Low Budget Urbanity


‘Low Budget Urbanity’ is an interdisciplinary research initiative of HafenCity University Hamburg, the University of the Built Environment and Metropolitan Culture (HCU) in Germany. The interdisciplinary research network integrates researchers from the disciplines architecture, engineering, planning, geography, history and cultural anthropology at the HafenCity University Hamburg, the Helmut Schmidt University Hamburg and the Hamburg Museum.


The focus of interest lies in the question how city life changes under the premise of austerity. Urban dwellers are increasingly required to find new and creative ways to cope with the withdrawal of communal authorities from welfare provisions, the demise of public infrastructure and expensive or low-quality centralized services in European and Northern American cities. This has lead to the emergence of new urban practices and alternative forms of urban infrastructure often organised under the principle of sharing and saving. The perspective of ‘low-budget urbanity’ aims for a critical understanding of the qualities and characteristics of cities in situations of a financial and economic crisis and explores how current or historical everyday practices are transformed – and how they change or realize urbanity. (Low Budget Urbanity by HCU, 2014)


The Concept Behind Sharing and Saving

In order to ‘save a city’ that is in times of financial and economic crisis and becomes sites of austerity measures, Jamie Peck argues that the imperative to ‘cut back and save’ and ‘work your way out of debt’ results in urban policies such as structural adjustment, privatization, public-private partnerships, and welfare retrenchments (Peck, 2012; see also Peck et al., 2009). While existing institutional arrangements, collectivist, social-state based ideals and redistributive systems are diminishing, there has been a proliferation of collectively organized urban practices, according to Bialski et al. In light of these developments, urban dwellers are working creatively with urban scarcity to develop new forms of organizing the city parallel and/or in contrast to centralized, state-based infrastructure, and are forced to do so with a low budget (Low-Budget Urbanity, 2013).


Implementation of Low Budget Urbanity Principles

The implementation of its principle includes collectively organized urban survival strategies such as car sharing as opposed to car ownership; travelling using online hospitality networks (e.g. CouchSurfing) instead of hotel accommodation (Bialski, 2012; Rosen et. al., 2011); second-hand shopping, cloth swapping and ‘dumpster diving’ versus mass consumption and throwaway culture (Gregson and Crewe, 2003); or DIY-building rather than ready-made (Brodersen, 2003; Drotschmann, 2010). Other examples include urban farming and cooperative gardening (Schmelzkopf, 1995); local currency systems (Hughes, 2005); transport ticket sharing, house squatting (Neuwirth, 2005); up-cycling of sewage and trash, and other forms of re-using and re-valuing urban resources. As the city is made up of multiple forms of organizing, forming an alternative, low-budget solution often means moving away from the more centralized and top-down forms of urban organization into the decentralized, local, and more like bottom up approach (tactical).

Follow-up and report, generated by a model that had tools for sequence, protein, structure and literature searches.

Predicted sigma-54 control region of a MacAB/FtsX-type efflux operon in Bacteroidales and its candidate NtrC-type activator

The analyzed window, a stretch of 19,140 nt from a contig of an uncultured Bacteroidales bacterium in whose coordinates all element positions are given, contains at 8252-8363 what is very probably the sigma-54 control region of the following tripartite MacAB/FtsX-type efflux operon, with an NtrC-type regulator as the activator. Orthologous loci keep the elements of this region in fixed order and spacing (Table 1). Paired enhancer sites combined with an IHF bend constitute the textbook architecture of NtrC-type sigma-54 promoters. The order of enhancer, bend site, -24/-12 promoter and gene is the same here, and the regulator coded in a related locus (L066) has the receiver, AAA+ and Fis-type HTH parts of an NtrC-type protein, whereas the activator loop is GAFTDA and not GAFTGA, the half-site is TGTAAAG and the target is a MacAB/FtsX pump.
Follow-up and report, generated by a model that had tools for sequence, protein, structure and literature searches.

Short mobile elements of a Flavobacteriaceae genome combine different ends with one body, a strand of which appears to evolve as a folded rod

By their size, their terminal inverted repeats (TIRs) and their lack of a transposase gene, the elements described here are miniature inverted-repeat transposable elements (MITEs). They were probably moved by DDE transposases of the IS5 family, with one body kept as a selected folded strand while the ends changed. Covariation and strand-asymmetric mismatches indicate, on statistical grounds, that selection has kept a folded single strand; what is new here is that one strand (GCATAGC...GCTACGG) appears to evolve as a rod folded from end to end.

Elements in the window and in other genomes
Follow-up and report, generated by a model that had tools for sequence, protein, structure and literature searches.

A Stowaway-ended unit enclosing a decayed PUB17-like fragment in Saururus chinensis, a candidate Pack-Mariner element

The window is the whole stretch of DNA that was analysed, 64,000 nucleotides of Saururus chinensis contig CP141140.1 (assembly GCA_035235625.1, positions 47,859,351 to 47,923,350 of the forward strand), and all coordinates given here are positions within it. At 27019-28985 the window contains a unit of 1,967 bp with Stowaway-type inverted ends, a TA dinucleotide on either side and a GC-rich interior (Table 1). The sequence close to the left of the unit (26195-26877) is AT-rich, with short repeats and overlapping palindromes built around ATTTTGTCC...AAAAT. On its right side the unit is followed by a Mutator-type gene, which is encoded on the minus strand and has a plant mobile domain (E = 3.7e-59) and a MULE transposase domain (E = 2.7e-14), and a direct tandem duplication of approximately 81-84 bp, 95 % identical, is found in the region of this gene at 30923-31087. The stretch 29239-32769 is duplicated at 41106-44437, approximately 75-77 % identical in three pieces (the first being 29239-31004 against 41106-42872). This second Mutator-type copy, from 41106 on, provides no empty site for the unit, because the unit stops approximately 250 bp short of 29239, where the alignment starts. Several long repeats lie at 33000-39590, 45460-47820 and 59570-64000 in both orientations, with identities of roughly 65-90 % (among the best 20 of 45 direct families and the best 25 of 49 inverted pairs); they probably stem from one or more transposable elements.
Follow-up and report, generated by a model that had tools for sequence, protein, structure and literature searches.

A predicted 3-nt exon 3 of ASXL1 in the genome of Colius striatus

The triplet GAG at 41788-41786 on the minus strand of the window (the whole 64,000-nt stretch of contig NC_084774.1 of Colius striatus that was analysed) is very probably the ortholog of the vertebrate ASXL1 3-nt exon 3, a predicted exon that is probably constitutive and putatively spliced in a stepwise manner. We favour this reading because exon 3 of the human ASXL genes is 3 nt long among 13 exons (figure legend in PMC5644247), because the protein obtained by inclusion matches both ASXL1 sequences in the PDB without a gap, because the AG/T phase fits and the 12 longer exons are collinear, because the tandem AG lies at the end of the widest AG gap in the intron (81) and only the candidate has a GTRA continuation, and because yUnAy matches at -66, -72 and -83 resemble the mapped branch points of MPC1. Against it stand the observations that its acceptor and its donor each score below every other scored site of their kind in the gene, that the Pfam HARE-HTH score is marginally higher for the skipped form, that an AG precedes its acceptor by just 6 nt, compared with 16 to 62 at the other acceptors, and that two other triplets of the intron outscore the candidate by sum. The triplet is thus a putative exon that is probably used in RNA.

A Decentralised Model: Bringing the Awareness of Local Solidarity

Here cultures of frugality and sharing (Botsman and Rogers, 2010; Doherty and Etzioni, 2003) emerge, creating new economic forms that have long-term effects on the urban space. Their emergence poses new questions regarding the relation of these practices to capital, the state, and citizen responsibilities of citizen. For example, how do long-term self-organized projects alleviate and replace the responsibility of state-run systems in favor of the entrepreneurial urbanism (Harvey, 1989) and what are its effect in terms of gentrification processes, splintering urbanism and the loss of urban commonalities (Graham and Marvin, 2001; Harvey, 2012; Brenner et al., 2012)?

While these practices transform the urban setting, the motivations as to why people and communities deploy new forms of budget organizing are not so clear-cut. Such practices are an expression of a lack of material means and imposed abstinence (Oswalt, 2005; Bude et al., 2011), but also manifestations of conscious decisions to save money and resources. Quite simply, these practices can occur out of necessity and/or choice. What these activities have in common is that they bring on a new awareness of scarcity, low-cost and local production, they produce new forms of value, other measures of calculating, smaller cycles of exchange and coordination and collective organization under the principle of frugal living. Such saving practices engage actors in bottom-up, improvised, flexible, local organization (Pacione, 1997) that creates solidarity and new forms of urban cooperation.




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